14-20 September 1915: Gifford House

(c) Surrey Flying Service

(c) Surrey Flying Service

The Wandsworth Borough News of 17 September reports on 70 wounded soldiers being entertained at Winchester House, which was the Putney Constitutional Club.  The soldiers came from Gifford House, which was being used as an auxiliary hospital from King George’s Hospital at Waterloo.  Entertainment included tobacco or cigarettes on arrival, followed by bowls or billiards.  Prizes were pipes and tobacco and there was then a concert, including singing, “humorous sketches were immensely enjoyed”, recitals and “exceedingly clever ventriloquist sketches”.  When the soldiers reached their transport, more cigarettes were apparently showered on them, having been bought specially by club members.

Gifford House was a mansion on Putney Heath, the site is now part of the Ashburton Estate, bordered by Innes Gardens, Tildesley Road and Putney Heath.  The house was originally built around 1760 and had a range of occupiers, including James MacPherson and Baron Charles Joachim Hambro, before being purchased by the Charrington brewing family in 1892.  The Charringtons carried out extensive remodelling of the house, including adding the ballroom for 120 people, but moved to Ashburton House around 1910.  The Duchess of Westminster occupied briefly around 1913, but the house appears to have been empty when it was offered up as a location for a hospital.

Patients in the hospital were expected to follow military rules for discipline and routine.  According to Cpl William Lunn, whose reminiscences are included in the book “The Queen Alexandra Hospital Home: A History”, the patients all wore uniform and provided their own cutlery, as it was part of their kit.  Patients who were able to regularly headed for London after breakfast, as they were usually allowed to travel for free, but they had to be back in good time.  “We had to be back by 1900 hours.  Many who were late climbed in over the fence – legless or not… I was caught more than once – and sent back to Roehampton [Queen Mary’s Hospital] as punishment, but they did not have room for me and so I returned to Gifford House.”

Gifford House continued to be a hospital until 1919, when it became the Queen Alexandra Hospital and Home for Discharged Soldiers In memory of Lady Ripon”. It formally opened under this name on 9 July 1919 and stayed until 1933, when it moved to Worthing – where it remains.  Many of the QAHH’s old photographs are available online here.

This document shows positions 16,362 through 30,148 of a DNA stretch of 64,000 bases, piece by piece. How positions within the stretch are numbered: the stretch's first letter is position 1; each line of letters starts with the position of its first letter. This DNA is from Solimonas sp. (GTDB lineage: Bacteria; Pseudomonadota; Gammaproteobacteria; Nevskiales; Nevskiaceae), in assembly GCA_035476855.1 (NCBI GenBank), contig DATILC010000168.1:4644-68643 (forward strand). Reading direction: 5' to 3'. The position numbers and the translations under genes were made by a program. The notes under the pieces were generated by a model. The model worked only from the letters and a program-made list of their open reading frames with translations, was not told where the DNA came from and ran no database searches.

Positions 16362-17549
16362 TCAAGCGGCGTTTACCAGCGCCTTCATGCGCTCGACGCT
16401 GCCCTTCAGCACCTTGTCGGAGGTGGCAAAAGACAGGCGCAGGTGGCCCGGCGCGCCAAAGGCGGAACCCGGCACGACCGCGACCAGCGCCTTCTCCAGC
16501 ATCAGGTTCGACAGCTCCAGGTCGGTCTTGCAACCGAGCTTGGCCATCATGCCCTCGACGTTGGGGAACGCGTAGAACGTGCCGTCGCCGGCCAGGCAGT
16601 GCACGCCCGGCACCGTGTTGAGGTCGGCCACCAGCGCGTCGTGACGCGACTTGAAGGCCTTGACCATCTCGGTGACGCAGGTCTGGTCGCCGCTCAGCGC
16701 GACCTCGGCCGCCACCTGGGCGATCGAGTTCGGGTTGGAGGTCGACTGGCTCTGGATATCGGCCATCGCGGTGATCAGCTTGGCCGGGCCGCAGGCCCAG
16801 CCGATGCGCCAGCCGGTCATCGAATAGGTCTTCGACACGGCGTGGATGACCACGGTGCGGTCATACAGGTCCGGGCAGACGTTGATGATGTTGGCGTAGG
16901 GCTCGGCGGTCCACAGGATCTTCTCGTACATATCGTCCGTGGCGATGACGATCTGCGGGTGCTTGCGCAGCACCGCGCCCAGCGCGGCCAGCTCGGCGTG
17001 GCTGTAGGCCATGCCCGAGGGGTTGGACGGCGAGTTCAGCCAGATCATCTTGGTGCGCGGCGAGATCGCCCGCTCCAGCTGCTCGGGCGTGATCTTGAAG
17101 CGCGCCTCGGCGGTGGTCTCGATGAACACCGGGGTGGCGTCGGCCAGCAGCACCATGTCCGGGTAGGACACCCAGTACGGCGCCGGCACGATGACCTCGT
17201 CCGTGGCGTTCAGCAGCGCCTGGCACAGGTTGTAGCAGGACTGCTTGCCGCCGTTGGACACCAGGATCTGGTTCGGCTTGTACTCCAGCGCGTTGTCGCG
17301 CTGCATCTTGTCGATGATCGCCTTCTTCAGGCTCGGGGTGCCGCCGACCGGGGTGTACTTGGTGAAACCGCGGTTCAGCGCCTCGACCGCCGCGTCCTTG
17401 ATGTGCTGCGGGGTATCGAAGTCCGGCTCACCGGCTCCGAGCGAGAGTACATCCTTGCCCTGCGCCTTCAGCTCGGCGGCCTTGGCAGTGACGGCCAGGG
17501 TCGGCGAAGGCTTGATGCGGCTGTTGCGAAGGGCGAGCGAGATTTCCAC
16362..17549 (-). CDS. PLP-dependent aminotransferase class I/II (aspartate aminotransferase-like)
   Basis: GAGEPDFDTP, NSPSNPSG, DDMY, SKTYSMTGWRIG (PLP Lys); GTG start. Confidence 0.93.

Wandsworth Borough News available on microfilm.

Queen Alexandra Hospital Home: A History available for reference use in the Heritage Service

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31 August – 6 September 1915: Royal Visit to the 3rd London General Hospital

The first edition of the Gazette of the 3rd London General Hospital was published in October 1915, and included a report on the visit of the King and Queen to the hospital on 1st September.  Understandably, this was also reported by the Wandsworth Borough News and between the two publications we can get a good idea of the scale of the visit.

According to the paper, the Royal party visited with only a few minutes notice, having driven up from Windsor, but when they arrived around 200 patients were “drawn up in double file.  They were all in the now familiar blue uniform”.  The Hospital Gazette phrases it slightly differently, saying that it was as nearly a surprise as was reasonably practicable and that no preparations were made aside from lining up the chairs outside for the patients.  The party arrived, went inside for introductions then returned to go up and down the lines of patients, accompanied by the CO, the Matrons and Sir Alfred Pearce-Gould.

The Borough News reported on exchanges between the royal visitors and the patients, including one patient who asked if he could have a job in the royal stables.  Another said that they were fed like cattle, to which the King replied: “You don’t mean they fed you on hay” – apparently this “caused many smiles”.  The King and Queen subsequently passed the kitchens as orderlies were fetching food for patients (the Gazette reports that apart from the patients outside, everything else carried on as usual), and paused to inspect the food, perhaps spurred on by the conversation.

Third London General Hospital PCWC109The visit lasted two and a half hours, during which the King and Queen visited almost every ward.  The Borough News notes that the wards have passages over a mile long, and there were additional wards built to the side of the Royal Victoria Patriotic building as well (forming what was known as “C block”).

The visit was summed up by the Gazette as:

The King and Queen had come down to Wandsworth, really, to say just two words to each of those blue-clad men.  And the words are: “Thank you”.

The Gazette of the 3rd London General Hospital is available on request

Wandsworth Borough News available on microfilm

For details of a nurse at the 3rd London General Hospital: http://www.schoolsofnursing.co.uk/Collections1/Collections18.htm